In rural Scotland ambulance rides can take as long as four or five hours. Those hours spent in the ambulance are critical, said Neil Fraser, director of space and communications at ViaSat UK. But new a new pilot program aims to use telemedicine to improve care during that important time frame.
Global broadband service and technology company ViaSat, announced that it will be partnering with The University of Aberdeen’s Centre for Rural Health, NHS Highland, and the Scottish Ambulance Service to pilot a program called SatCare which allows paramedics to send high-resolution videos and ultrasound images from ambulance to hospital based medical experts before the patient arrives.
The pilot will include five ambulances in Inverness shire, a British county located in the Scottish Highlands.
The goal is to have doctors and specialists see patients' scans before patients get to the hospital, so doctors can give advice to the paramedics.
In the UK and Europe different hospitals have particular specializations. Sometimes patients end up at the wrong hospital after a long ambulance ride, said Fraser. This could help paramedics talk to doctors and figure out the best hospital to take that patient to.
By allowing the paramedics to scan images and have more than just a telephone conversation with a doctor back in hospital, the doctor can have a clearer idea of what is happening. For example, the doctor may be able to identify if someone has a condition like a collapsed lung and the parametic can act, said Faser.
"That will absolutely save lives,” said Fraser. “The second [benefit] is getting those broadband images to the doctor so they can say this person needs to go to this hospital to see this specialist.”
This pilot is the first time SatCare is going to be used in a live environment. There is also parallel program in Belgium with three ambulances. The Belgium program is targeted at helping stroke patients and is a more urban setting.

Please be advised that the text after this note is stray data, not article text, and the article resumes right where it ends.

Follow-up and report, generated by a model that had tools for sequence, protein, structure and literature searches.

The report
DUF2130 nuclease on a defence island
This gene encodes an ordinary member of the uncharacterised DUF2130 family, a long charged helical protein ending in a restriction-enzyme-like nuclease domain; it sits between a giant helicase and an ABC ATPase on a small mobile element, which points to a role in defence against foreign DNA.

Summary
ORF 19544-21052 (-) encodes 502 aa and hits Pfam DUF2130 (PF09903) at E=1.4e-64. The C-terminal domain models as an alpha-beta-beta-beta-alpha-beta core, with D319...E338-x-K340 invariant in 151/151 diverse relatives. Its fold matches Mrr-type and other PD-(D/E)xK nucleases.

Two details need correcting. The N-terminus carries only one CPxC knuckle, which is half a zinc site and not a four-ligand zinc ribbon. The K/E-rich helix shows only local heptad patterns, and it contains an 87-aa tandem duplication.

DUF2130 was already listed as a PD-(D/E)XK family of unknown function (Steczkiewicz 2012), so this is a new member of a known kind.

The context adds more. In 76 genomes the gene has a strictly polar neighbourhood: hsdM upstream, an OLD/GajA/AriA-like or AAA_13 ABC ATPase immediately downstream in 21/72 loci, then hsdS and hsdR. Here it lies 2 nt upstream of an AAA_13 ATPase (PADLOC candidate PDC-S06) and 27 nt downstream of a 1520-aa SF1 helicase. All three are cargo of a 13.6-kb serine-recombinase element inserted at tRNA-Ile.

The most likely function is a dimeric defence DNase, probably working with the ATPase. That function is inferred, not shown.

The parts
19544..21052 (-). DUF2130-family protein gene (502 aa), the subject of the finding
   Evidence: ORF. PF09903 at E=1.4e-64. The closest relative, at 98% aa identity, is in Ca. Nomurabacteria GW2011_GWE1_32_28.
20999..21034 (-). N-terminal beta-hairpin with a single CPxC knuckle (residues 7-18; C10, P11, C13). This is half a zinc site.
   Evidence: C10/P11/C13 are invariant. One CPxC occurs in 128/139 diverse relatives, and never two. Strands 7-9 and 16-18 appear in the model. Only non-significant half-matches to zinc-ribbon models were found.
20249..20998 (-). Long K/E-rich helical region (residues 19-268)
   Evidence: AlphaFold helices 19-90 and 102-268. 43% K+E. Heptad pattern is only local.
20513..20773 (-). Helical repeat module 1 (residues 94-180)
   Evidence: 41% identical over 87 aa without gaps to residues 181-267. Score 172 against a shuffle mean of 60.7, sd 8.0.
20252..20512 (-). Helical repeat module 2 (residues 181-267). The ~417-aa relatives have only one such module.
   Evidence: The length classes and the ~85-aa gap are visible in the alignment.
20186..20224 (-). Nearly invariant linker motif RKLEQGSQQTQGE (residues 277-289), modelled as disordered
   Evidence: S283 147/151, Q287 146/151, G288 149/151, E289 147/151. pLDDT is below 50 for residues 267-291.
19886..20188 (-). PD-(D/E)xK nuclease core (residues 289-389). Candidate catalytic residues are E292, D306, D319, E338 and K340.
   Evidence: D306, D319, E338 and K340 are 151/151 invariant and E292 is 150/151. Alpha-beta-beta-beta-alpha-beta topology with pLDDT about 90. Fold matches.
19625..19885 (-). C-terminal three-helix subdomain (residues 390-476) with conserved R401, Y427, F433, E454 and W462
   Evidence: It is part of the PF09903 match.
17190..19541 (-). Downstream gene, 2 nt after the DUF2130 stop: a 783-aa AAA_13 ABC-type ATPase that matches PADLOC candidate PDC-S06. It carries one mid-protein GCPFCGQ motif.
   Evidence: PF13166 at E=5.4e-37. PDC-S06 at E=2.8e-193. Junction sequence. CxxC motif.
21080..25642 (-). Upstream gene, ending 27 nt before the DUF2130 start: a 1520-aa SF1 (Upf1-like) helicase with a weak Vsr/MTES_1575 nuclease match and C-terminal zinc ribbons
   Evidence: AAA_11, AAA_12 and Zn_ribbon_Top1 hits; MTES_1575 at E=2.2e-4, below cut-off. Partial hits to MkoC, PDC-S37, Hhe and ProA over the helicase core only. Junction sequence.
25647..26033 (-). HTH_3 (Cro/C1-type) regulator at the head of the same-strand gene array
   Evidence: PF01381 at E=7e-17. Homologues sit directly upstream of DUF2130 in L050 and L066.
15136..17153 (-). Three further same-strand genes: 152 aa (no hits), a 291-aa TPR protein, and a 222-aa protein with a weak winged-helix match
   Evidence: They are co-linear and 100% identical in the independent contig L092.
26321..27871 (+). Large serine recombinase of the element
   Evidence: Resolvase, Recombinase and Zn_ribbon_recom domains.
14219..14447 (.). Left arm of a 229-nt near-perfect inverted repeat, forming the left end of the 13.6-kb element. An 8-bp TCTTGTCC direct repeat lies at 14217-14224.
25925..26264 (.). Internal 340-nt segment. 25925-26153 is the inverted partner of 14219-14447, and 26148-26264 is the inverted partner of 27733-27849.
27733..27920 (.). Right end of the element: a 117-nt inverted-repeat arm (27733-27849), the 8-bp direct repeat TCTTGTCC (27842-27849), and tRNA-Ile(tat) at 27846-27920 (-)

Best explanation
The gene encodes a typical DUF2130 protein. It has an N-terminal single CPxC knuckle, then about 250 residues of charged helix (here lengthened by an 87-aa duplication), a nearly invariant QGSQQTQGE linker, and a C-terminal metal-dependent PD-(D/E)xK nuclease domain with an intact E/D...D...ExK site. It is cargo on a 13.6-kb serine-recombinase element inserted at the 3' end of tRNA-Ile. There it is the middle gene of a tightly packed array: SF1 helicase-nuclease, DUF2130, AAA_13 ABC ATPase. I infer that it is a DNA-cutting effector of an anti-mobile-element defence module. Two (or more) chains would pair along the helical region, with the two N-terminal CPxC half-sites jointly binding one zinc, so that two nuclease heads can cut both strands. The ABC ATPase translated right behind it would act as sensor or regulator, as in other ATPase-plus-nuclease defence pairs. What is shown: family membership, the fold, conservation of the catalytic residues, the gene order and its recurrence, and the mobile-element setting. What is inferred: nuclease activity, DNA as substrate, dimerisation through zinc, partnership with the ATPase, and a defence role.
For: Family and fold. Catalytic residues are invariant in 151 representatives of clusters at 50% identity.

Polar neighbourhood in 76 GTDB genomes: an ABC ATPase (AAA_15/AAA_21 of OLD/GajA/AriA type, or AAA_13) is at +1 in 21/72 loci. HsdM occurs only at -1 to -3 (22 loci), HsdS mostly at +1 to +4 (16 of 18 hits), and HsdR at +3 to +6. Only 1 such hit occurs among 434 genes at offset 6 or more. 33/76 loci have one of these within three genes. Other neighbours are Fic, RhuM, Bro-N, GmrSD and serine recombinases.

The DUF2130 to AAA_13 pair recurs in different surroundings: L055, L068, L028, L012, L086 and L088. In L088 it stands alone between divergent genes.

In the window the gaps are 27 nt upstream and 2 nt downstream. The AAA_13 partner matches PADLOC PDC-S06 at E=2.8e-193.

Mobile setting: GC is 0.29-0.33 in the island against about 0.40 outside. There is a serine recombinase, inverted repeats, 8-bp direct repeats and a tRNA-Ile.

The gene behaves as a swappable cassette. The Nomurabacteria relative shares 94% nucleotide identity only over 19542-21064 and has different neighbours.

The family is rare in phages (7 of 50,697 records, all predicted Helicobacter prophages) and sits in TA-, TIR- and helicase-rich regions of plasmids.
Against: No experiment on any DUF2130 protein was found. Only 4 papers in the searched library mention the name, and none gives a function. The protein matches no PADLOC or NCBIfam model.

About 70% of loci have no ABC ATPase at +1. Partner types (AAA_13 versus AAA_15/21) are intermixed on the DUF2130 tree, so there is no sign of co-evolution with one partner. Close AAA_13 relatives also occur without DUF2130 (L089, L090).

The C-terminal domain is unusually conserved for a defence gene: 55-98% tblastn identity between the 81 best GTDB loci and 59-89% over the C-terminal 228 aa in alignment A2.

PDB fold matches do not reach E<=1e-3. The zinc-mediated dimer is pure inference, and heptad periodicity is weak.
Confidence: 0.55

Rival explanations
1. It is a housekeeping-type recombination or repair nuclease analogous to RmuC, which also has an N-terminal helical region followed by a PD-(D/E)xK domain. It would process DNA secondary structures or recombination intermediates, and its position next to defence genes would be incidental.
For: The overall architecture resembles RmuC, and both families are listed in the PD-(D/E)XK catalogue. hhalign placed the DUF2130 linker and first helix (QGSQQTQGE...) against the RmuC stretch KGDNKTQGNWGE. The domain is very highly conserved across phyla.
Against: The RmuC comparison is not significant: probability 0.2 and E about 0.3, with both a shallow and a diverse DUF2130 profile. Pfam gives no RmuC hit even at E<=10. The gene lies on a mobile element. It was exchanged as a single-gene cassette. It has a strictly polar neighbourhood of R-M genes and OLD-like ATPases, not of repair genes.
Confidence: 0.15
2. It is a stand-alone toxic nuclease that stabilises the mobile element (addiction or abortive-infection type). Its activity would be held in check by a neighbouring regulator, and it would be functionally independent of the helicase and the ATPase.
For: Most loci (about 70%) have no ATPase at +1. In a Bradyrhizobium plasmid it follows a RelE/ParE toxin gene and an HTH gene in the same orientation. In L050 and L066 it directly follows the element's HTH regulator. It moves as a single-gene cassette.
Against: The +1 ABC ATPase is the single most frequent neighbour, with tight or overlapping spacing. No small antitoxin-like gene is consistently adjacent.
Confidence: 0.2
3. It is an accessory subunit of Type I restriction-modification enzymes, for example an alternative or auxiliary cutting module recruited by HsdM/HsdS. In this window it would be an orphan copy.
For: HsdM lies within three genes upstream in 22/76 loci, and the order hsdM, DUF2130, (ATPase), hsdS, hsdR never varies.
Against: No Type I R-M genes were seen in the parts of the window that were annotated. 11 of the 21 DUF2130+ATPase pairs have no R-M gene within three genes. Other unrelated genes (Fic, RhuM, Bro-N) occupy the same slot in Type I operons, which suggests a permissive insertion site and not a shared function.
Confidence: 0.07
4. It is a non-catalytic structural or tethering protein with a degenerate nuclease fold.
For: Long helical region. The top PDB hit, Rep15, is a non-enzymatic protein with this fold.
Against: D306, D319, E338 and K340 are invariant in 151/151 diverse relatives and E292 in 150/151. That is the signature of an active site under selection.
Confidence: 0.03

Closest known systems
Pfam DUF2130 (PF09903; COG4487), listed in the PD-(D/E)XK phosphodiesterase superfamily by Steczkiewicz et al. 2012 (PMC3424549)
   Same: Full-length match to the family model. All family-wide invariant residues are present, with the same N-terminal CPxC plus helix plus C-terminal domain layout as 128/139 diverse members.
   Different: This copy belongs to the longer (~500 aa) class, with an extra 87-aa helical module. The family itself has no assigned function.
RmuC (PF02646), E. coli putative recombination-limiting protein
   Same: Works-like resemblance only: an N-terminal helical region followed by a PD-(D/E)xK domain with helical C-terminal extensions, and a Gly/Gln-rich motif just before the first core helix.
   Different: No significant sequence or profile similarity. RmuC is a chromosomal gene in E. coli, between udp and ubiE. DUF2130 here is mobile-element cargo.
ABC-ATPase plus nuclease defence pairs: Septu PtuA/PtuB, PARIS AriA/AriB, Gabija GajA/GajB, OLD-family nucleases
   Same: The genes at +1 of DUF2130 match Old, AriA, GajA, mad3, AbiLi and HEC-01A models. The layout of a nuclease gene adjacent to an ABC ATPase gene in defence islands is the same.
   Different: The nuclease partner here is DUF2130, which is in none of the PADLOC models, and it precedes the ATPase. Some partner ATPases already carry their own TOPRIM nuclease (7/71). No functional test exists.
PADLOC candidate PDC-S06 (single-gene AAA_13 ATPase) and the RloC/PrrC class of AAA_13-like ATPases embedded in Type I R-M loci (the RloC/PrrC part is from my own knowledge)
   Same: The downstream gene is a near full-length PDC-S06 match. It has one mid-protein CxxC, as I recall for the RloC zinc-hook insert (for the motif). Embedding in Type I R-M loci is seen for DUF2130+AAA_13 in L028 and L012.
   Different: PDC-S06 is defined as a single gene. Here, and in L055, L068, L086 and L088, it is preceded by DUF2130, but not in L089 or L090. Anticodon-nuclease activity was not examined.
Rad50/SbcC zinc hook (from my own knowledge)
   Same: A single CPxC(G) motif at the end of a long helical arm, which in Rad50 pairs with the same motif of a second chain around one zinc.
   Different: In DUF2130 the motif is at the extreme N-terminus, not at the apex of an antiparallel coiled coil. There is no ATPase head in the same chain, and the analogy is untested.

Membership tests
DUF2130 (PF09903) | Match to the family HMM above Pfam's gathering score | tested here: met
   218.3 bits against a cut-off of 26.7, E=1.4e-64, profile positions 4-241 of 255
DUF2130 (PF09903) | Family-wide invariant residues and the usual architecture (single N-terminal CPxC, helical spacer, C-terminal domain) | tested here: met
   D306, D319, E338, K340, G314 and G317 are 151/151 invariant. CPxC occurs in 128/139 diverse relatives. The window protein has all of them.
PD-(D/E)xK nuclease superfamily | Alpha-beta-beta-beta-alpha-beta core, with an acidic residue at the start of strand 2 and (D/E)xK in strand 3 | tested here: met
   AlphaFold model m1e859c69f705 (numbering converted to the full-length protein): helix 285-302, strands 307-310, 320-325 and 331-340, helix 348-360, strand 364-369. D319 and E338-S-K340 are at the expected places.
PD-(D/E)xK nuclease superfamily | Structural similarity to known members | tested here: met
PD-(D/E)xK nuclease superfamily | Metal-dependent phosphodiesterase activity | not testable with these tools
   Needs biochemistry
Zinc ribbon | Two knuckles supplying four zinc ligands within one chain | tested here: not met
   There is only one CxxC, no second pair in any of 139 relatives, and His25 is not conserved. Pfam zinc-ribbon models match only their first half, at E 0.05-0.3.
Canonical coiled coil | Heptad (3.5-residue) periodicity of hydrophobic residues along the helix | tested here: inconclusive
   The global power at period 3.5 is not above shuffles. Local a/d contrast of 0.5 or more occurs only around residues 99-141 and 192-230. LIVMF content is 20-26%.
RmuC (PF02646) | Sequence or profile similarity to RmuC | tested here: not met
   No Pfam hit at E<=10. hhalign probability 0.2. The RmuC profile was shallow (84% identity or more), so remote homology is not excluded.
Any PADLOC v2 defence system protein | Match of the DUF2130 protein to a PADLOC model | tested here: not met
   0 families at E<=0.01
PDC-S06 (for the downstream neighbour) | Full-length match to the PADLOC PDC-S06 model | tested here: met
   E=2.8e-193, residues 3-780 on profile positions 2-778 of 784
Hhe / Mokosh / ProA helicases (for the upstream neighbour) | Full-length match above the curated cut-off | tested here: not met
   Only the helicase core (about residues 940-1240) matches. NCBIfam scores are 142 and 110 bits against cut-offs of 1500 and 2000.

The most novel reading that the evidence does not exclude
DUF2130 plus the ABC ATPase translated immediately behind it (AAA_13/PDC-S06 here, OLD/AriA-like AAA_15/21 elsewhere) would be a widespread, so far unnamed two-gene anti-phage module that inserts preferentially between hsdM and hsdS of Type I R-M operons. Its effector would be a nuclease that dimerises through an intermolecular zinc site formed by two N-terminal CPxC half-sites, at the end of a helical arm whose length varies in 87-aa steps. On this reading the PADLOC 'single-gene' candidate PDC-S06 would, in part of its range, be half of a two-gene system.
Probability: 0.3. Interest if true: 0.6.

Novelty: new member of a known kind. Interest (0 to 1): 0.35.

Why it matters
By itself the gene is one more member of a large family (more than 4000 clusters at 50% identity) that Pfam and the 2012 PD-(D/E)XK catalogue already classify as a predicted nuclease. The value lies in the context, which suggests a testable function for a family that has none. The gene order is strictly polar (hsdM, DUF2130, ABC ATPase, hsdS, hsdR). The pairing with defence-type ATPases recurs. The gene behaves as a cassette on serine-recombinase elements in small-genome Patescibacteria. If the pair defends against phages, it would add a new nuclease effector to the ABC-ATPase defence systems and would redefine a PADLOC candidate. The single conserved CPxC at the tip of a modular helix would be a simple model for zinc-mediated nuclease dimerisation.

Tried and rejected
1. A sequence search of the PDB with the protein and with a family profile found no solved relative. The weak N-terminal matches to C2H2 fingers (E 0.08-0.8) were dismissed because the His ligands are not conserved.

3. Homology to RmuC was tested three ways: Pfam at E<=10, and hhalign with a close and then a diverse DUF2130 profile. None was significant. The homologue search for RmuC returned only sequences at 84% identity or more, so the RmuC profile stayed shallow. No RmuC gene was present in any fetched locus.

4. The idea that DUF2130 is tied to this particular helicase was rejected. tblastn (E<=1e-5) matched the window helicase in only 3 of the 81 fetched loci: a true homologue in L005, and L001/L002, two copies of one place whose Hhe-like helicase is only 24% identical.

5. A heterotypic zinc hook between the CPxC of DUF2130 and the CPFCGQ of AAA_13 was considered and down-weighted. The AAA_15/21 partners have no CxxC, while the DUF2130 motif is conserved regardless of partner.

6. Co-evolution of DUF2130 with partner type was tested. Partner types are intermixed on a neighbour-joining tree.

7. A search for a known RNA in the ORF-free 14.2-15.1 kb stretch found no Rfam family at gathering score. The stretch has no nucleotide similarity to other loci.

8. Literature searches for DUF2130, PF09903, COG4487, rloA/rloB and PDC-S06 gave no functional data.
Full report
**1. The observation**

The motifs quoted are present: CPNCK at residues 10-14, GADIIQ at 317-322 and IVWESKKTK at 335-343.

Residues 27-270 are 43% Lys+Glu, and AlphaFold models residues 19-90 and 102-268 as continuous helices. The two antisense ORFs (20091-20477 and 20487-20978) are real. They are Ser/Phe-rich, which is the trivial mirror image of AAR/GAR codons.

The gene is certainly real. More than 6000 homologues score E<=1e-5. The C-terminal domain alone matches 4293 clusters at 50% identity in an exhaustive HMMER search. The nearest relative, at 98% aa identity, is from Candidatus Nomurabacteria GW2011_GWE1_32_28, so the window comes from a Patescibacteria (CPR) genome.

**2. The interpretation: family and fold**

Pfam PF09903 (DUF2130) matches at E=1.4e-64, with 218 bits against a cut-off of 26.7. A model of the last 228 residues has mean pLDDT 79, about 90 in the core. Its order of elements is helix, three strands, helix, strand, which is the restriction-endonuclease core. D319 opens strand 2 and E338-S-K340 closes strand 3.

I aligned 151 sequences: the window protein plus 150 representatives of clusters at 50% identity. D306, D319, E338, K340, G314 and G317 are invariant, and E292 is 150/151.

Scans take less than five minutes to record and package with a video summary of the patient’s condition which can be sent to the emery department of Raigmore Hospital in Inverness, Scotland over the ViaSat’s satellite system, according to a statement.
The Scottish pilot will last one year and is partly funded by the European Space Agency. But Fraser said that this type of technology could be used in other situations in the future include disaster zones, for national crisis teams and in the military market. ViaSat has locations in the UK, Europe, and America.
"This trial is a landmark in rural emergency care research. It will establish the best way to use very sophisticated technology to support paramedics in caring for sick patients on the long journey to a hospital and to alert A&E staff to what kind of treatments may be needed when the patient arrives,” said Philip Wilson, director of the Centre for Rural Health, in a statement. “This research will tell us how effective and, equally important, how cost-effective this technology can be.”